America is disappointed. The economic recovery, such as it is, has produced few jobs and little growth, the war in Afghanistan is going poorly, and Washington’s political culture, which President Obama took office promising to reform, is as vitriolic and paralyzed as ever. As a supporter put it to Obama at a Sept. 20 town hall meeting, ”I have been told that I voted for a man who said he was going to change things in a meaningful way for the middle class. I’m one of those people. And I’m waiting, sir. I’m waiting.” […] ”People forget over time what they expected, and their counterfactual tends to get rosier and rosier over time,” says George Loewenstein, a behavioral economist at Carnegie Mellon University. ”Obama is being judged by a rising disappointment standard, so people are really disappointed, [even though] if right in the middle of the financial crisis they had been told how things were going to turn out they would have been thrilled."

Information Technology

Cybersecurity must go beyond Band-aid approach | October 13
To really move forward in cybersecurity, a solution that goes beyond a Band-aid approach is needed. Jeanette Wing, the chair of the Computer Sciences Department at Carnegie Mellon University, explained what's really needed is the development of a more open science of security. Wing is Tom Temin's guest on the Federal Security Spotlight at 10 a.m. on Thursday.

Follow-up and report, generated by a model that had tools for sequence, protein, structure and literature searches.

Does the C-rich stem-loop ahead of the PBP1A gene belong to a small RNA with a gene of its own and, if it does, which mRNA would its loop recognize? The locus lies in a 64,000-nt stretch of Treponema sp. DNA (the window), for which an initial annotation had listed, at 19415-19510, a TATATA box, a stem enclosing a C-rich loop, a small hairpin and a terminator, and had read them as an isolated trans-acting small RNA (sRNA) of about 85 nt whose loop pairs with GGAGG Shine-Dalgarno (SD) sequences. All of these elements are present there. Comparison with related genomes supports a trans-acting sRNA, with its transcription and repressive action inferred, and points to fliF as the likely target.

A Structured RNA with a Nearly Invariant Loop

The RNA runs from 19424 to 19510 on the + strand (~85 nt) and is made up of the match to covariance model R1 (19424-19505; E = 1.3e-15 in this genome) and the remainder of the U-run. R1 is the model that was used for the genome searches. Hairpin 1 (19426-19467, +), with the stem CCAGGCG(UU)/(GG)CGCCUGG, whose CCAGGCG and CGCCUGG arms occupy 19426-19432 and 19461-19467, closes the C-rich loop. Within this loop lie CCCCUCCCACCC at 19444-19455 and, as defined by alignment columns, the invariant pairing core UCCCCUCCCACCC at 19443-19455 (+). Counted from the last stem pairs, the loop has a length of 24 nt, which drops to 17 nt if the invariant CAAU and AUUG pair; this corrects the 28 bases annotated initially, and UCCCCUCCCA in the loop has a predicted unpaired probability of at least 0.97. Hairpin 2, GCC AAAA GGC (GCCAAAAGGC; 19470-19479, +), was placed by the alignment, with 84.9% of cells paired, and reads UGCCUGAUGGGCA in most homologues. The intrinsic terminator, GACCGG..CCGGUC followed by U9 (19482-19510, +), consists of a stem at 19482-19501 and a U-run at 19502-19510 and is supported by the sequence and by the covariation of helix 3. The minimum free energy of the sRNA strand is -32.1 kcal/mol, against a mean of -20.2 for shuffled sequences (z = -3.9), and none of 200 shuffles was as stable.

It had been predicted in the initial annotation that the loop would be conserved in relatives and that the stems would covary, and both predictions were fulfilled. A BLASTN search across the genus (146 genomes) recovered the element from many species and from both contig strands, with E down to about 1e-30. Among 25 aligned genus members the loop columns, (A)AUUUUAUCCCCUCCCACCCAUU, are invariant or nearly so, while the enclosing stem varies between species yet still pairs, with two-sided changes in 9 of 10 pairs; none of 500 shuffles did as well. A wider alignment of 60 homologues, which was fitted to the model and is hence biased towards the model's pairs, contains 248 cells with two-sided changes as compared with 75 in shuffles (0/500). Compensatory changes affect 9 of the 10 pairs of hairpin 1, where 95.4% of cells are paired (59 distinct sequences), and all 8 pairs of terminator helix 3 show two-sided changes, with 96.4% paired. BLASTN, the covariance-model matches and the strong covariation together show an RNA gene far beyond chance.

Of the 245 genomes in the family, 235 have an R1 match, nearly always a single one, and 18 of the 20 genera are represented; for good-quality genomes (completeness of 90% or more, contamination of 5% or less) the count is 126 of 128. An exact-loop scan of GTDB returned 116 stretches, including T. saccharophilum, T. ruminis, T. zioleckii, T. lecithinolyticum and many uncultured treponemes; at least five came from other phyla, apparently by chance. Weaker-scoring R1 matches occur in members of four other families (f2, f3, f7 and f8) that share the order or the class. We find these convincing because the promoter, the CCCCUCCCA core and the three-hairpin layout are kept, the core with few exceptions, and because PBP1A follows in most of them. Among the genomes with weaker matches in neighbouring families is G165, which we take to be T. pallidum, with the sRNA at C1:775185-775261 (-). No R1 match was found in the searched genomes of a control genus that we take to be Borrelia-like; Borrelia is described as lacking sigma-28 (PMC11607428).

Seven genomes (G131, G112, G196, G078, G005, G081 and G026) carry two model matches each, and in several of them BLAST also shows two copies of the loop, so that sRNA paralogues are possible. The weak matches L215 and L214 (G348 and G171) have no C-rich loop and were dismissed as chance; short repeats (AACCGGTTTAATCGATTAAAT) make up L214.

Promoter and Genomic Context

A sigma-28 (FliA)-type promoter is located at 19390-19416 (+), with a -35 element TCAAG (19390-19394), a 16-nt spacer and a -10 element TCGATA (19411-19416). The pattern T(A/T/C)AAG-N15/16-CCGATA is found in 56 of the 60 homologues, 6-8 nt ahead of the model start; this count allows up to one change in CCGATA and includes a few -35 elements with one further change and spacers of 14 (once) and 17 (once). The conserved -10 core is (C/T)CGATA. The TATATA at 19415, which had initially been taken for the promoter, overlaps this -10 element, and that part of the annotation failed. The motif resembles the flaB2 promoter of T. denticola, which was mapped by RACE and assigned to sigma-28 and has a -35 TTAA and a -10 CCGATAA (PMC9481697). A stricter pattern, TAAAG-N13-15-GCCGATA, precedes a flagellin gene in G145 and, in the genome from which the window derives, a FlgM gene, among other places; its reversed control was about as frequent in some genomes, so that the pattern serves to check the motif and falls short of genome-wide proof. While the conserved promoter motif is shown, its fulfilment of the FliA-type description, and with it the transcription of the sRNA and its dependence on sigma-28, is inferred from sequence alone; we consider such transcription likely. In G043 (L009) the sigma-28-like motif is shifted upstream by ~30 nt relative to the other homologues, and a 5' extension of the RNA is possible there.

Computer learns language and facts by itself
Robotic Magazine | October 10
Carnegie Mellon University Researchers, under the funding of Google and DARPA, and benefitting from the internet database provided by Yahoo, are working on a self learning computer algorithm that is able to extract knowledge from the internet by itself, to learn language and facts. The system is called NELL, which stands for “Never Ending Language Learning System”, scans hundreds of millions of web pages everyday, and learns facts by itself, at an accuracy rate of 87 percent. So far, NELL learned 390,000 facts, which are grouped into symantec categories, such as universities, actors, cities etc… The number of categories so far is 274 and this number is growing. These facts are things like “Rose is a flower” or "New York is a city."


How to Clean Up Hungary's 16-Square-Mile Toxic Mess
Popular Science | October 13
Scenes of caustic red sludge surging through pastoral Hungarian villages last week evoked a familiar blend of human pathos and righteous anger that most of us had shelved shortly after the BP well was capped. Then the news cycle turned over and our attention moved elsewhere. But as emergency workers in western Hungary slog through ankle deep rivers of toxic red muck to clear roads and contain the growing mess, the hardest job hasn’t even started: the cleanup of an estimated 30 million cubic feet of alkaline mud covering some 16 square miles of Hungarian countryside. […] “The deposition salts and the high pH are going to render the land unproductive for agriculture,” says Dr. David Dzombak, a professor of civil and environmental engineering at Carnegie Mellon University. “It’s going to kill the plants that are there now, and even if you just want to re-plant grass or have a city park or landscaping, you won’t be able to until you do something to address those impacts."